Lockheed Payments Held by U.S. Increase to $195 Million

The U.S. Defense Department has withheld $195 million in payments from Lockheed Martin Corp. (LMT) because of flaws in the company’s system of tracking costs and schedules for F-35 jet contracts.

The amount held back through August is equal to as much as 5 percent of periodic billings by the Bethesda, Maryland-based company. It has swelled from $47 million in 2012, when the Pentagon started holding back the funds.

The Defense Contract Management Agency first raised concerns in 2007 about internal company data generated for Lockheed’s fighter programs -- the F-35, F-22 and F-16 jets. The agency decertified the Pentagon-mandated Earned Value Management System for the contractor’s aircraft operations in October 2010.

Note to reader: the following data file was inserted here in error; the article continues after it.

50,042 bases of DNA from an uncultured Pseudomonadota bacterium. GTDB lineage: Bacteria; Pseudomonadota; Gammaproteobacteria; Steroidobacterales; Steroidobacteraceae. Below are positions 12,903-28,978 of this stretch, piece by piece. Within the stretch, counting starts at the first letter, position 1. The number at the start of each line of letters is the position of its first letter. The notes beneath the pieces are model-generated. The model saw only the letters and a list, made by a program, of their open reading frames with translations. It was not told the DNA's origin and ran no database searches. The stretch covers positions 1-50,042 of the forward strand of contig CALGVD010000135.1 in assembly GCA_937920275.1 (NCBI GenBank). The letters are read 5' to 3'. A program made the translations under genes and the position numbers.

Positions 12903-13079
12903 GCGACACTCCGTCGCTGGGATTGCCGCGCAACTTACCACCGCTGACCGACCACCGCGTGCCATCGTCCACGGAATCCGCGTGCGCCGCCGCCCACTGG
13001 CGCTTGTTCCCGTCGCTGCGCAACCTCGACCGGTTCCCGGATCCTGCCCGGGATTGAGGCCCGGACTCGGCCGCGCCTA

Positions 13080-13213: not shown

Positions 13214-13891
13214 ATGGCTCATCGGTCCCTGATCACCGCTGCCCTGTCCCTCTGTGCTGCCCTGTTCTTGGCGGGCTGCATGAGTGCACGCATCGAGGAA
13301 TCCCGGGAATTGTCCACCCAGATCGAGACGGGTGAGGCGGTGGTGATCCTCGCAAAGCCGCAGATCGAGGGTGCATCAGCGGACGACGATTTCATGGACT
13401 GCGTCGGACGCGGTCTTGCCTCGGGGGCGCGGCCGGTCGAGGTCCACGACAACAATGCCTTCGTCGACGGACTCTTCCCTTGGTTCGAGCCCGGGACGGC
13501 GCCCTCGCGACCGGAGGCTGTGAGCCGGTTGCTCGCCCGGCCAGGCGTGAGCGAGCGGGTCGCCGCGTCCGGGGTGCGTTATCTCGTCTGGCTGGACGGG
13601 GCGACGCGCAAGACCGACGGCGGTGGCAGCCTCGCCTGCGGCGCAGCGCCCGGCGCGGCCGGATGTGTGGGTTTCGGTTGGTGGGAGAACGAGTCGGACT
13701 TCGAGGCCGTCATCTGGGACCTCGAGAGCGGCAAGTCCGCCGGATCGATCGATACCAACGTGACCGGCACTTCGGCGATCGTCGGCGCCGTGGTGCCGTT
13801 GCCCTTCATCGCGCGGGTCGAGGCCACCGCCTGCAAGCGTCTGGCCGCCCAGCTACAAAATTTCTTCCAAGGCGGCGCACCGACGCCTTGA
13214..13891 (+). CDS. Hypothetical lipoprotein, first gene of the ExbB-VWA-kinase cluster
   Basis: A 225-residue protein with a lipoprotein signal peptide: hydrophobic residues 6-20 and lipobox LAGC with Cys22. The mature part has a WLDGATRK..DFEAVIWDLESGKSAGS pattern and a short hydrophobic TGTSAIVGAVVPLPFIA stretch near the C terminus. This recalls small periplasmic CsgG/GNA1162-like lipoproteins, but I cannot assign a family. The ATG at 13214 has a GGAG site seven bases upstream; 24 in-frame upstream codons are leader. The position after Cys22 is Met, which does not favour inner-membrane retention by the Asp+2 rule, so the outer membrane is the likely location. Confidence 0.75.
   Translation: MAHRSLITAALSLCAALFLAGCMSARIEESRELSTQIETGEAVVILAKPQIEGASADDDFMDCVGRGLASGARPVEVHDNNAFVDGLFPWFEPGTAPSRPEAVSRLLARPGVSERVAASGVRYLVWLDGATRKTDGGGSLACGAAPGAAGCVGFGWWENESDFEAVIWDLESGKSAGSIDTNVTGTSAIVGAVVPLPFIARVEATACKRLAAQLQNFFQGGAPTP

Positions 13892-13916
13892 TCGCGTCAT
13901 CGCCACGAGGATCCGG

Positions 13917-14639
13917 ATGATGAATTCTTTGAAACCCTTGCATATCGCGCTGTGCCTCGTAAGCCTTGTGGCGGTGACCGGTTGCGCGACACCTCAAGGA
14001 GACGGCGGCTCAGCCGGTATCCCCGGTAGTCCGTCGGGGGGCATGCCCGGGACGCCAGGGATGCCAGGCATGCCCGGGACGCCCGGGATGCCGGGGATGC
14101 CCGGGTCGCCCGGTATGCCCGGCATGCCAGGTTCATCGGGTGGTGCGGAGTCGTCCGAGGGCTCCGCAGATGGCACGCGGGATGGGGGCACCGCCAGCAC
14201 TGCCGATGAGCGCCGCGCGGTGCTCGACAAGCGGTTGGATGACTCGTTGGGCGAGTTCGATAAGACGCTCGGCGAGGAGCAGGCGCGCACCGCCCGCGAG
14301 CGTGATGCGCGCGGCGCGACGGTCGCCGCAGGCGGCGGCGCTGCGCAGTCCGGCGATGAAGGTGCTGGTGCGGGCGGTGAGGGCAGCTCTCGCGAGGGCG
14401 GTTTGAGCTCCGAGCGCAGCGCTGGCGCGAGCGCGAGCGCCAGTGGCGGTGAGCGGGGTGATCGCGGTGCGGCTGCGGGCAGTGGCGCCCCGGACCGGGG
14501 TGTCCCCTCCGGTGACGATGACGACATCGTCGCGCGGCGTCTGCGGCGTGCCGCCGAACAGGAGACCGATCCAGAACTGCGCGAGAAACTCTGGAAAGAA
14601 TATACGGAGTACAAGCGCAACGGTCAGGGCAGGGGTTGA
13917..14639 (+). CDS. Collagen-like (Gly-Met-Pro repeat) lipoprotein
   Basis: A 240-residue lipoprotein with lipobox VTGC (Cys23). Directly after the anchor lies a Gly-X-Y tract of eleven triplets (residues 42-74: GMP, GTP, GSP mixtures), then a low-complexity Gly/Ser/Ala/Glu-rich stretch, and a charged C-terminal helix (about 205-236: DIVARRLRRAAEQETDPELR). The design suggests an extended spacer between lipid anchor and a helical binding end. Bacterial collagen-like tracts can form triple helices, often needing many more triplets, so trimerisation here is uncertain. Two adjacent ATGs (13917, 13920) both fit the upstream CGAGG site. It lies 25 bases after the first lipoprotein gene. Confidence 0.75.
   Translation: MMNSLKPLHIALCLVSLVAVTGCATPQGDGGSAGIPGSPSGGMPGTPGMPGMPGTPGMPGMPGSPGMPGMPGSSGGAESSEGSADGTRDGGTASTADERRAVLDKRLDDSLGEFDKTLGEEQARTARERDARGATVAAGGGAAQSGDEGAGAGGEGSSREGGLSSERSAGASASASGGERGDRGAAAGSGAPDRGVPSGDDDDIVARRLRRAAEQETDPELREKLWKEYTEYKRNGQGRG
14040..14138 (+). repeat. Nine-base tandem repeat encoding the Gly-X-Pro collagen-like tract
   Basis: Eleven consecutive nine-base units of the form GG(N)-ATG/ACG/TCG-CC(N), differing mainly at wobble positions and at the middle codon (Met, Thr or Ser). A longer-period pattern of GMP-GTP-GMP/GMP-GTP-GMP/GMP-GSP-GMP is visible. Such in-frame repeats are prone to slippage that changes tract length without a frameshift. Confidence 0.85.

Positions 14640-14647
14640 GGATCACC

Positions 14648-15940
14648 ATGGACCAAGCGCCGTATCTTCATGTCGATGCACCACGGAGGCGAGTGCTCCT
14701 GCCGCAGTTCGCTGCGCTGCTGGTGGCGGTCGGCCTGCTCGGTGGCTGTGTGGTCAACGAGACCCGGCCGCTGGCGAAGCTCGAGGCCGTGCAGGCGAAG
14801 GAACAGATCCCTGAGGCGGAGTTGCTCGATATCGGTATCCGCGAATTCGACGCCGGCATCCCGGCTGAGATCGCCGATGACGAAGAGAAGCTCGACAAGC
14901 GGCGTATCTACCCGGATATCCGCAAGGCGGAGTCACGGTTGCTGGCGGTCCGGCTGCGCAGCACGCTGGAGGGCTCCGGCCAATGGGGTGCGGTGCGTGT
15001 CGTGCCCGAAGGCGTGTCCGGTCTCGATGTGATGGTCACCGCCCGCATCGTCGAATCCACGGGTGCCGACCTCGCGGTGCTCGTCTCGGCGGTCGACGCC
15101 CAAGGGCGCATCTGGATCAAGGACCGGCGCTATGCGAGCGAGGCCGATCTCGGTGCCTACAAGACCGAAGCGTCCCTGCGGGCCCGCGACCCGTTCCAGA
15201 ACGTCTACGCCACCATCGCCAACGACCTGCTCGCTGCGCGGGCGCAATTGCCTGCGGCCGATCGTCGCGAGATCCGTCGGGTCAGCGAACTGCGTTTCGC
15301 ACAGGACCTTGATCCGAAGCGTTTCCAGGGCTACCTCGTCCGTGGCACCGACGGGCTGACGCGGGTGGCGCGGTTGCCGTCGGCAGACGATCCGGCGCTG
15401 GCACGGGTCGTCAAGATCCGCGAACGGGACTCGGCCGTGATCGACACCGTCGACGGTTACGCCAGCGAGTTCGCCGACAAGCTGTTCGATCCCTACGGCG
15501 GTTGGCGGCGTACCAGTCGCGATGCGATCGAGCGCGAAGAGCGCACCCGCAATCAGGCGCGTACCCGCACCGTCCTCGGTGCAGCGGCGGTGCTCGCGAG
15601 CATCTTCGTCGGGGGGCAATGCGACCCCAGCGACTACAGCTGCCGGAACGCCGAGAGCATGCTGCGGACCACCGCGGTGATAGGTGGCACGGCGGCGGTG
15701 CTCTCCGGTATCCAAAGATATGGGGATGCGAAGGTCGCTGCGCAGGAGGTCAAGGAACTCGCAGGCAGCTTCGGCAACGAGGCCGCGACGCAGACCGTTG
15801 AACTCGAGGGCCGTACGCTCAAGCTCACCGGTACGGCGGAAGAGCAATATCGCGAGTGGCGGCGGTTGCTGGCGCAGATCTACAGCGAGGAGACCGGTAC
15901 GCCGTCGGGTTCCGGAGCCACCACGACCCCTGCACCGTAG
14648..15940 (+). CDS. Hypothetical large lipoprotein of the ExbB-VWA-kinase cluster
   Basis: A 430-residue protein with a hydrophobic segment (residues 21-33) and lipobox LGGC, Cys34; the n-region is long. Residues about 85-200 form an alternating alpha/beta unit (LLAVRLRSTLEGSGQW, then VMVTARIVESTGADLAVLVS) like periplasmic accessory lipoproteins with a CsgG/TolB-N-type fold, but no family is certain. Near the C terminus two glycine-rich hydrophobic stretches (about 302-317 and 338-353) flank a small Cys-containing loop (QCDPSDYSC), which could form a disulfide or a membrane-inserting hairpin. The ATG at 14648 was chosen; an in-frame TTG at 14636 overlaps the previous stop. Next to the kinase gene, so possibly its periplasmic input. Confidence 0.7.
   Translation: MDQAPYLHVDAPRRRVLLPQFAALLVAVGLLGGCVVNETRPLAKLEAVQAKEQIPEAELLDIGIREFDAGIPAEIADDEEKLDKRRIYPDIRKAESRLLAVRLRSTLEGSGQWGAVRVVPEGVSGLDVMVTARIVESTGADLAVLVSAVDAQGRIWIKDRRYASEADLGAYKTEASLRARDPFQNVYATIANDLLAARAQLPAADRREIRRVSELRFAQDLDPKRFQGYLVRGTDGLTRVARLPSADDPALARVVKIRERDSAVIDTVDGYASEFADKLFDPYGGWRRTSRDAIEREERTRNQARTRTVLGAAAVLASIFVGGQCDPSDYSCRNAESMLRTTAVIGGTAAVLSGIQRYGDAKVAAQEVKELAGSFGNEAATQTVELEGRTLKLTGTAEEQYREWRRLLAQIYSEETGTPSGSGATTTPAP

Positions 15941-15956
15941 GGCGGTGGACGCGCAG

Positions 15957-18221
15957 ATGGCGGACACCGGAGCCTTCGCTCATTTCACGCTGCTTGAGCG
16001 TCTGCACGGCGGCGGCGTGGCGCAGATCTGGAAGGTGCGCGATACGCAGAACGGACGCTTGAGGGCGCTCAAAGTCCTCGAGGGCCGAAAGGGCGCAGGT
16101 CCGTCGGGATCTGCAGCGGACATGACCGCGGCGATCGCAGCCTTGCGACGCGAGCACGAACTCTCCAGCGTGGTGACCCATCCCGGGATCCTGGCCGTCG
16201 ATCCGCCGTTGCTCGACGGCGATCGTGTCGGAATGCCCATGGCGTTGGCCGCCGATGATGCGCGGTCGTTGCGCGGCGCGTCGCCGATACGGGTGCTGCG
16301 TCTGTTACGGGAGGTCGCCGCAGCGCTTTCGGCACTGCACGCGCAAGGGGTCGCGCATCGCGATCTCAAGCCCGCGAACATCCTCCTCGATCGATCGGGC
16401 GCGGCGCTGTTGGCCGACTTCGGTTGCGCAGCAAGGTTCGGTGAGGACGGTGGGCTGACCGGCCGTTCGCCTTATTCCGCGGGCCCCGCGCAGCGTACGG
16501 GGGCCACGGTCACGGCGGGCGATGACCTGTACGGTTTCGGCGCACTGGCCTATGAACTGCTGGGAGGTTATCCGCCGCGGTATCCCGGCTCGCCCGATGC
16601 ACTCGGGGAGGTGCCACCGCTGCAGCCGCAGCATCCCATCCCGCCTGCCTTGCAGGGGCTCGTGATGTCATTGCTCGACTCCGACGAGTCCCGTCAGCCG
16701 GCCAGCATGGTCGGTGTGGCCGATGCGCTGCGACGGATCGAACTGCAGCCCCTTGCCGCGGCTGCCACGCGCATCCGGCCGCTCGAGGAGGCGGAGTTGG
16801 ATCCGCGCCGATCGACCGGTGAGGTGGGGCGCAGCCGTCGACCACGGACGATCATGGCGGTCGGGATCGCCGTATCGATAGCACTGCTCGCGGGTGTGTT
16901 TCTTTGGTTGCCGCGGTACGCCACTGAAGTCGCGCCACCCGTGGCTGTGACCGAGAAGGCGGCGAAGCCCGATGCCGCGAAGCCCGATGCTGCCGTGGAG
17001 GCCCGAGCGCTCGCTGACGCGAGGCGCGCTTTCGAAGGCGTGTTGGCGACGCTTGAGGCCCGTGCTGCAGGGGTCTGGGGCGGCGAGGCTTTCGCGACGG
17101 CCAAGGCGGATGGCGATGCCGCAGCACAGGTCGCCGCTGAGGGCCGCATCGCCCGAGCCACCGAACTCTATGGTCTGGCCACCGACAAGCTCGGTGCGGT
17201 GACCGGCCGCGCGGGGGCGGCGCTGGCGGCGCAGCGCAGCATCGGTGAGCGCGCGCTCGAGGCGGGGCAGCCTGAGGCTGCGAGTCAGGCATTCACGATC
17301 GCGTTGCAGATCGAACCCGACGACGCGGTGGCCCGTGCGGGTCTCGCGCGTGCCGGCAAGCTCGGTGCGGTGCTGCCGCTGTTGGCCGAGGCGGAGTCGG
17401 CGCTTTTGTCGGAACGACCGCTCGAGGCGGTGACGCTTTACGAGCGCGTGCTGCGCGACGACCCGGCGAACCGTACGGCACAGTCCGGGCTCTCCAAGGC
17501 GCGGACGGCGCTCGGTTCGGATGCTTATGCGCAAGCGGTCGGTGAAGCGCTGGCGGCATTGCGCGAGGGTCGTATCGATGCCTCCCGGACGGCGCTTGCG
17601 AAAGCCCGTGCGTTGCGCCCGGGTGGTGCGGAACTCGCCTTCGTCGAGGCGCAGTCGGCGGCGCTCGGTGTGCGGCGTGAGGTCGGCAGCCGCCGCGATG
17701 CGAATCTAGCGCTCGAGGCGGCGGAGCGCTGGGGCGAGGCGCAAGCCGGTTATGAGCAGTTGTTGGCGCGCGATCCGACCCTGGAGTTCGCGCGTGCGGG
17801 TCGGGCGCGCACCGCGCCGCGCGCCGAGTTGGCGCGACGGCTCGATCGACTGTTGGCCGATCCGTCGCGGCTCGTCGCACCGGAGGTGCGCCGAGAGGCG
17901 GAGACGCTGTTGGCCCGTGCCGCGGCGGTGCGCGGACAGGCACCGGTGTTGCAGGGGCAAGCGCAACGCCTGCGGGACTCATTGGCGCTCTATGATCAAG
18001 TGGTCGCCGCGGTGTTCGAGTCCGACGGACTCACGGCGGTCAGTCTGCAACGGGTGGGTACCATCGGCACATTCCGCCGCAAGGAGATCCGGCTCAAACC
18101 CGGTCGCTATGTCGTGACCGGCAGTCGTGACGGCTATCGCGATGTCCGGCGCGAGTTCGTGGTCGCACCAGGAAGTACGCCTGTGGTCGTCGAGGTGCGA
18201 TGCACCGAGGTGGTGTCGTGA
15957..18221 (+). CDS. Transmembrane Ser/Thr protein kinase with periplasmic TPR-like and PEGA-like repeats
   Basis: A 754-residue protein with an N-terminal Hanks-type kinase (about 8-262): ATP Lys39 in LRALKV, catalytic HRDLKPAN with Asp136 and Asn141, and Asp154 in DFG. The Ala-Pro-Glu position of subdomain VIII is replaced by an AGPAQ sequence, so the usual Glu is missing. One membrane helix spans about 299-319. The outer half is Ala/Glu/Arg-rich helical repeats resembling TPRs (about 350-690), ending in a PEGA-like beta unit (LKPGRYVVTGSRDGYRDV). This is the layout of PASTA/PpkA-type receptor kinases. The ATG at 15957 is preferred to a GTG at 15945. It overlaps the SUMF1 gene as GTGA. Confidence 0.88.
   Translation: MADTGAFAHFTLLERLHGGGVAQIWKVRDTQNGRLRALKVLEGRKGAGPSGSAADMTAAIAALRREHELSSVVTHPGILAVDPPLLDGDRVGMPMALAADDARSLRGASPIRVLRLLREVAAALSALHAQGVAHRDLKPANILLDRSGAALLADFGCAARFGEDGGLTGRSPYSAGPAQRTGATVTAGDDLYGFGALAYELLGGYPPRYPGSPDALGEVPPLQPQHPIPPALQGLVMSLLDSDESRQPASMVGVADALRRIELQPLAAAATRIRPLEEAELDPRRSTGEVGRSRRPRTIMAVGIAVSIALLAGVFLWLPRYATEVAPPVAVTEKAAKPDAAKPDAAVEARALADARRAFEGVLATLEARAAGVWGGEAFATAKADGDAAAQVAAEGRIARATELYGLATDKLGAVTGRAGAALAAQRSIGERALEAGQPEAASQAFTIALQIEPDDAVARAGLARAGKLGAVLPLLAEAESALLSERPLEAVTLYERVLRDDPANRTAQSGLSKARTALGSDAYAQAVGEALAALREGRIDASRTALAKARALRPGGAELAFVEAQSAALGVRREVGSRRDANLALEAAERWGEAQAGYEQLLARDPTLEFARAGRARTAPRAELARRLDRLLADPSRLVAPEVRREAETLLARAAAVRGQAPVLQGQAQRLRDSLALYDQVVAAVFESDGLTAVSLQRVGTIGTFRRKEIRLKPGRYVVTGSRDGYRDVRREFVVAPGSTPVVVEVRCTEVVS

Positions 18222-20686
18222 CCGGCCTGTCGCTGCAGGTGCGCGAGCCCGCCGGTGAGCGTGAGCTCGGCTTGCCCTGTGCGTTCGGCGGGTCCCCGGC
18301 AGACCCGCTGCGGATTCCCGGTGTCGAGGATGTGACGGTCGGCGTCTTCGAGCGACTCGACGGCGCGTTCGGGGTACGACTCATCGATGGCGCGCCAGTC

Payments will continue to be withheld until the agency determines that Lockheed’s Fort Worth, Texas-based aeronautics unit demonstrates that its corrective action plan approved in March works, according to the agency.

The agency has scheduled a review that will take place by Dec. 30, Jacqueline Noble, a spokeswoman for the Defense Contract Management Agency, said in an e-mailed statement.

Lockheed Martin spokeswoman Laura Siebert didn’t have an immediate comment on the increase in withholding or the company’s progress in correcting deficiencies with the system.

To contact the reporter on this story: Tony Capaccio in Washington at acapaccio@bloomberg.net

To contact the editor responsible for this story: John Walcott at jwalcott9@bloomberg.net

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